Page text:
United Kingdom Bach, Mendelssohn, Martin, Bartók: Daniel Hope (violin), Basel Chamber Orchestra, Anders Kjellberg Nilsson (leader), Wigmore Hall, London. 18.4.2017. (LB)
Bach – Concerto in A minor for violin BWV1041 (?1730)
Mendelssohn – Concerto in D minor for violin and strings (1822)
Frank Martin – Pavane couleur du temps (1920, arr.1954)
Bartók – Divertimento for string orchestra (1939)
Following in the distinguished footsteps of orchestras like The Academy of St Martin in the Fields and the Britten Sinfonia, the Basel Chamber Orchestra appeared at the Wigmore Hall last night, contributing a decidedly orchestral dimension to what is otherwise predominantly a pre-eminent chamber music venue.
The name of the Basel Chamber Orchestra is immortalised in the history of music for the vision of its founder and artistic director, Paul Sacher. He commissioned many of the great composers of the twentieth century, including Bartók, Henze, Hindemith, Lutoslawski, Strauss and Stravinsky to compose works for his orchestra, many of which have subsequently become classics of the chamber orchestra repertoire.
The first half of the programme was dominated by Daniel Hope, the South African-born British violinist who now makes his home in Berlin. Fashionably reading the music from an iPad perched at waist height, he performed Bach’s Concerto in A minor and Mendelssohn’s early violin concerto in D Minor, rediscovered by his mentor Yehudi Menuhin.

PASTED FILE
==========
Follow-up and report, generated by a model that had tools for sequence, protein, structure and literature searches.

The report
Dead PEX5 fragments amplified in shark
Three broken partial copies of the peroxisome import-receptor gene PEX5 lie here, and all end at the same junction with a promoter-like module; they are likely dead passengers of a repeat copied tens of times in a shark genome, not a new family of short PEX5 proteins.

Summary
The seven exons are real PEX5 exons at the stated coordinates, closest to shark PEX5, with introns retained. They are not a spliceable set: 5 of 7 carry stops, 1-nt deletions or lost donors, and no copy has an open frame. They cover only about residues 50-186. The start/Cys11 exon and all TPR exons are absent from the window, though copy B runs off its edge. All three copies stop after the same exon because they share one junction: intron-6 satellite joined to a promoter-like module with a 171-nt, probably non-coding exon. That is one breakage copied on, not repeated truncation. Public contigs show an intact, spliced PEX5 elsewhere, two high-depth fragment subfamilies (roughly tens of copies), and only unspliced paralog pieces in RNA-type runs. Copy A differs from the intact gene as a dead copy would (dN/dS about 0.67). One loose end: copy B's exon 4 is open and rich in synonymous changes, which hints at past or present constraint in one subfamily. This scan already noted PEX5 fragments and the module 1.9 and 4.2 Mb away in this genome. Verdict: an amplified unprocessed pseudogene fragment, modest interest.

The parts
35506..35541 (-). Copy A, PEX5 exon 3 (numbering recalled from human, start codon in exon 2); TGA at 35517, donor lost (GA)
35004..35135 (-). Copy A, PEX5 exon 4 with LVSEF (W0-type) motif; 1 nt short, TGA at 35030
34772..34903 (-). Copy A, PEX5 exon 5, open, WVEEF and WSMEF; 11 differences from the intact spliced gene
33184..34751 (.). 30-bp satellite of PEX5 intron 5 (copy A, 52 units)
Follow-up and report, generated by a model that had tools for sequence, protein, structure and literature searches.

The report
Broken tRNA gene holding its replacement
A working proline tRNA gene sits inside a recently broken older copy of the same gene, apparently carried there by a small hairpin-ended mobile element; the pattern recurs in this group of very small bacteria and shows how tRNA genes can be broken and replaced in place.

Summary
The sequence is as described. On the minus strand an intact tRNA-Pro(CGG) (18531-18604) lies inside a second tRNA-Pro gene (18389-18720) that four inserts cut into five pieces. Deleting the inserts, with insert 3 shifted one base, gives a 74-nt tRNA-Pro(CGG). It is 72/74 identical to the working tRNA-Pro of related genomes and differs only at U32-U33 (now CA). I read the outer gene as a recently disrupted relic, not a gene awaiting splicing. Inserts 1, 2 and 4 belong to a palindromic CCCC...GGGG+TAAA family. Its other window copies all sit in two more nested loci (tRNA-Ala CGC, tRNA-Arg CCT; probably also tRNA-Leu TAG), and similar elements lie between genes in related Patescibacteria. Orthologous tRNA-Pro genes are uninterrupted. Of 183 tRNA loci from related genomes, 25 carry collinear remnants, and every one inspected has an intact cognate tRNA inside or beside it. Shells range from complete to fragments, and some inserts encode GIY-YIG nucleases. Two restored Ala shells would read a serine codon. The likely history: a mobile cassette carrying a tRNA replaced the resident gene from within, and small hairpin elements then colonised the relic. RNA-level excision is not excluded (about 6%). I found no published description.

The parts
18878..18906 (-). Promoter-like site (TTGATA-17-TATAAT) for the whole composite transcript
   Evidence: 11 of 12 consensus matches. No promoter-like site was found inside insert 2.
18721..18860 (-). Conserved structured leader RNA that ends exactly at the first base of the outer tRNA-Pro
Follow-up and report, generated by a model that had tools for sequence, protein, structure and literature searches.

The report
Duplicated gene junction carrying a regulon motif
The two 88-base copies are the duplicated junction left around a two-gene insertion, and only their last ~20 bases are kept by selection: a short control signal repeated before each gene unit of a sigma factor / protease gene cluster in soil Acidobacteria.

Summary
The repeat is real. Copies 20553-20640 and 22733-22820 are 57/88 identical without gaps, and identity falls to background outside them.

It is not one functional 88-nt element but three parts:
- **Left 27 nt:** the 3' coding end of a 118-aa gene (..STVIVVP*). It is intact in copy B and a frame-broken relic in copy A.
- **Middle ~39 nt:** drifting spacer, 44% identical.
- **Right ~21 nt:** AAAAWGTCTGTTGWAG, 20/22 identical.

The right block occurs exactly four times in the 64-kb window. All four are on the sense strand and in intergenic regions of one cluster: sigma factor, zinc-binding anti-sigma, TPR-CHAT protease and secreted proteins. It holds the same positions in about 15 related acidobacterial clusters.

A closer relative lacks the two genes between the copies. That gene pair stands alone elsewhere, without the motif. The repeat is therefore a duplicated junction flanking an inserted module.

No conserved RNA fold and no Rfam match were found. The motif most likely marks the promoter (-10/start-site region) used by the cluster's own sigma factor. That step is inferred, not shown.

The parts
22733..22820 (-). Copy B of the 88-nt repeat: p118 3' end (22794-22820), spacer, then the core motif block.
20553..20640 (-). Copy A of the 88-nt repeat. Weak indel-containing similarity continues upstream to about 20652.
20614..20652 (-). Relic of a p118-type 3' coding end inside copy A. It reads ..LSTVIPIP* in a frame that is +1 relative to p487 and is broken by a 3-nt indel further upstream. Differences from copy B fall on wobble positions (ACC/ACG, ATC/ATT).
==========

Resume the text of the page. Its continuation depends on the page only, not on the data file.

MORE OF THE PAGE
Bach’s concertos for the solo violin have historically formed the bedrock of the repertoire for the instrument, but the challenge of mastering not just the idiom, but also the essence of the music itself, remains as intractable a challenge now as it has through the ages. Although both Daniel Hope and the Basel chamber orchestra performed with great energy and bravado, they proved to be at odds conceptually, and even more fundamental questions such as ensemble and balance were not beyond reproach.
Mendelssohn’s youthful concerto in D minor, composed when he was thirteen years old, is an effervescent and virtuosic tour de force for the soloist, and no less demanding for the orchestra. It requires a level of security and nonchalance that proved evasive, and the music was never allowed to be anything less than relentlessly wilful.
A movement from Vivaldi’s Concerto in A minor for two violins, given as an encore by Hope, along with the orchestra’s leader, Anders Kjellberg Nilsson, suffered much the same fate as the Bach and Mendelssohn that preceded it.
After the interval Anders Kjellberg Nilsson re-established control of the orchestra, directing coherent and persuasive accounts of both the Martin and Bartók.
Frank Martin’s Pavane couleur du temps, originally scored for string quintet, was one of his first published works, and its evocative heart was stylishly and effusively revealed to the audience. The orchestra really came into its own, skilfully championing the work of Switzerland’s best known twentieth century composer.
Bartók’s Divertimento, composed for Paul Sacher and the Basel Chamber Orchestra in 1939, concluded this evening’s proceedings, and I imagine that this historic connection might well have been uppermost in the minds of both the audience and the musicians. Iconic pieces like this develop a life of their own when it comes to performance traditions, and in the seventy-eight years since its composition, Bartók’s Divertimento has been recorded and performed innumerable times, with varying degrees of success and integrity.
The Basel Chamber Orchestra’s performance proved to be an immensely honourable one, and whilst I might at times have wished for greater contrast between the five concertino instruments and the body of tutti strings, the musicians’ commitment to Bartók’s brilliant Divertimento never flagged.